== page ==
Join The Conversation With Mishpacha's Weekly Newsletter

Look Out Below!

Sivi Sekula

Since the beginning of time, man has been digging to create underground spaces for all sorts of reasons. Some can still be visited today

Wednesday, February 07, 2018

 Mishpacha image


T here is something about being underground that fascinates us. Far from sunlight and sky and everything we know, when we go underground we find ourselves surrounded by the unfamiliar. Which is exciting, scary even. And okay, sometimes claustrophobic.

Since the beginning of time, man has been digging to create underground spaces for all sorts of reasons. Along the way, some of these diggers have created some pretty awesome rooms, caverns, and even entire cities, hidden deep below the surface. Some can still be visited today.


Underground City of Naours

Near the village of Naours (population 1,200) in northern France, lies another place by the same name. Well, almost the same name. The fact that the second is 72 feet below ground probably explains why it’s usually called the Underground City of Naours (don’t pronounce the ‘s’). The city is made up of 28 galleries (long passageways) and about 300 chambers. And yes, French people obviously not affected by claustrophobia actually lived there at various times in history. In fact, during the period of the Thirty Years’ War (1618–1648), Underground Naours was inhabited by 3,000 people.

Can you guess why these people would have headed below ground during a bitter and bloody war? You got it! It was for protection. The underground city began as a limestone quarry dug by the Romans. Sometime during the Middle Ages, when the Roman Empire began conquering Europe, the locals figured that the quarry would make a great place to store food… and hide people. Over time, they built wells, stables, and even bakeries. They were pretty smart, and made sure to build chimneys up through the rock and into the cottages above ground so that the smoke rising from the ovens wouldn’t appear to be coming from under the earth (that would have been a dead giveaway).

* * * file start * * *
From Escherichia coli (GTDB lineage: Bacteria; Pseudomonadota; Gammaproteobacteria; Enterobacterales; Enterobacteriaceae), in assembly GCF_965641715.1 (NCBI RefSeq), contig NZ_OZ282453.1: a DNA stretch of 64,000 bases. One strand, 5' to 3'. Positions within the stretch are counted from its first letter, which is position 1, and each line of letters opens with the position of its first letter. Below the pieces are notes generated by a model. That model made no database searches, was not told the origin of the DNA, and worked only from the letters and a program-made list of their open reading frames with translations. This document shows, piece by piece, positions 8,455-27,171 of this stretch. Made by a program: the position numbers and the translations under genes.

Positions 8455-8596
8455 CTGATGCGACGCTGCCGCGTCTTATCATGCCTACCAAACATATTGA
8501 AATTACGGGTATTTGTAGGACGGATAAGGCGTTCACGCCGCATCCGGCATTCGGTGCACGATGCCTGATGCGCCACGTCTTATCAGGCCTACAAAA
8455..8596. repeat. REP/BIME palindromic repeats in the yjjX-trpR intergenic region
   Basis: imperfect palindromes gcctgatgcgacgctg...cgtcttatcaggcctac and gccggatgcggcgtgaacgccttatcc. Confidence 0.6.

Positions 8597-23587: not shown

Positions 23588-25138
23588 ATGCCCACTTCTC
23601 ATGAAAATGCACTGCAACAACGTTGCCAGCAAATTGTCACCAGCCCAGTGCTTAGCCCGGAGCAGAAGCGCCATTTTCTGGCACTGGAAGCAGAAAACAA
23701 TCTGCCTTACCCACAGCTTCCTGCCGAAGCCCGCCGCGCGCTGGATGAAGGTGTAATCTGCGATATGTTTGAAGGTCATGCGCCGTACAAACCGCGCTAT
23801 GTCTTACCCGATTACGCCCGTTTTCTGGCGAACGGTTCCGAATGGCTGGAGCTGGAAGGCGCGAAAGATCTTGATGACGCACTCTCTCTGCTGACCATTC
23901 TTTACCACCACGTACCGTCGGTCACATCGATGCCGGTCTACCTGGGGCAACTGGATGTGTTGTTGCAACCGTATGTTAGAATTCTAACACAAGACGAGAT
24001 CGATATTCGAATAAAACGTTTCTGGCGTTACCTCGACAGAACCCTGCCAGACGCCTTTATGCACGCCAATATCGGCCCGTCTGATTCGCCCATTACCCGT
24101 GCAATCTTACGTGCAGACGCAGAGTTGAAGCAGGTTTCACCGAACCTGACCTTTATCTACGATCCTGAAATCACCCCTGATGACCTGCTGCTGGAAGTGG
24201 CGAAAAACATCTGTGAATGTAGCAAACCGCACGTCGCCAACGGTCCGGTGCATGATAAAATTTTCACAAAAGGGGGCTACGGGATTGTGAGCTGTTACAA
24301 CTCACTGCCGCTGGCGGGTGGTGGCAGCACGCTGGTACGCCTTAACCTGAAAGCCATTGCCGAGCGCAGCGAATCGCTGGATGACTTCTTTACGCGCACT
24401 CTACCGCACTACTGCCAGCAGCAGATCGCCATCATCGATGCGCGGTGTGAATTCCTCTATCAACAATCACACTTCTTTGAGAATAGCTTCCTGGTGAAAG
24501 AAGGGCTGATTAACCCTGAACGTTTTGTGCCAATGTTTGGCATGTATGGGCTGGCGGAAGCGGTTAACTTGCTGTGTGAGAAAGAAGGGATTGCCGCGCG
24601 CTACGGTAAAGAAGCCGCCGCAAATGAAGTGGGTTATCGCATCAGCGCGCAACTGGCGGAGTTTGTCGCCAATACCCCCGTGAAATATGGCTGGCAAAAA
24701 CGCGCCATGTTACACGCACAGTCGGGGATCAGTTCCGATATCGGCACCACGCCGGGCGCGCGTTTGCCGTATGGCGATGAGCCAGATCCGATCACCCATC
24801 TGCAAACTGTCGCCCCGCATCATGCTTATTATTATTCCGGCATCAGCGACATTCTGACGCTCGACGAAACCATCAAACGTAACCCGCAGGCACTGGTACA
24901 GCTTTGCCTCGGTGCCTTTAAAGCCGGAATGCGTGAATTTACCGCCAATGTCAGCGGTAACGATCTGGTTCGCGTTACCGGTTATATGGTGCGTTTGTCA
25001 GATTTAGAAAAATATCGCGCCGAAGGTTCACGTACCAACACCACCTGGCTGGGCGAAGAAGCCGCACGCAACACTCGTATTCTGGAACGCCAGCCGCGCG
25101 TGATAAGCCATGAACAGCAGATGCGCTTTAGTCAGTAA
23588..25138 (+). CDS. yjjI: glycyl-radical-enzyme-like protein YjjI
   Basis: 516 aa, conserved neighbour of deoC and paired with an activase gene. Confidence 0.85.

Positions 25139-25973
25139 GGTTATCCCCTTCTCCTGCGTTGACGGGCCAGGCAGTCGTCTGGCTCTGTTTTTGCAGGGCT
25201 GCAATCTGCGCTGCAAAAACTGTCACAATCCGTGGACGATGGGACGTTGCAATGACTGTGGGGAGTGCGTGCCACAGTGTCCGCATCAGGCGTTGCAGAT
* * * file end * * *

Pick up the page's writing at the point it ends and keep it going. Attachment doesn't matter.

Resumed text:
Eventually, life in France became more peaceful and there was no longer a need for people to hide underground, and so the Underground City of Naours was all but forgotten. Until 1887, when a man discovered the amazing series of tunnels and chambers while doing some renovations to his house. Since then, the city has been a popular tourist attraction. In fact, during World War I, soldiers stationed nearby would visit when they were off duty. They left their mark; the walls of the underground city contain the largest amount of World War I-era graffiti ever discovered. 

The Buried City

Sounds like this mysterious buried city must be some place exotic built by the ancient Aztecs or marauding Vikings? Well, I have a surprise for you. It’s actually in Seattle, Washington, right in the good ol’ United States.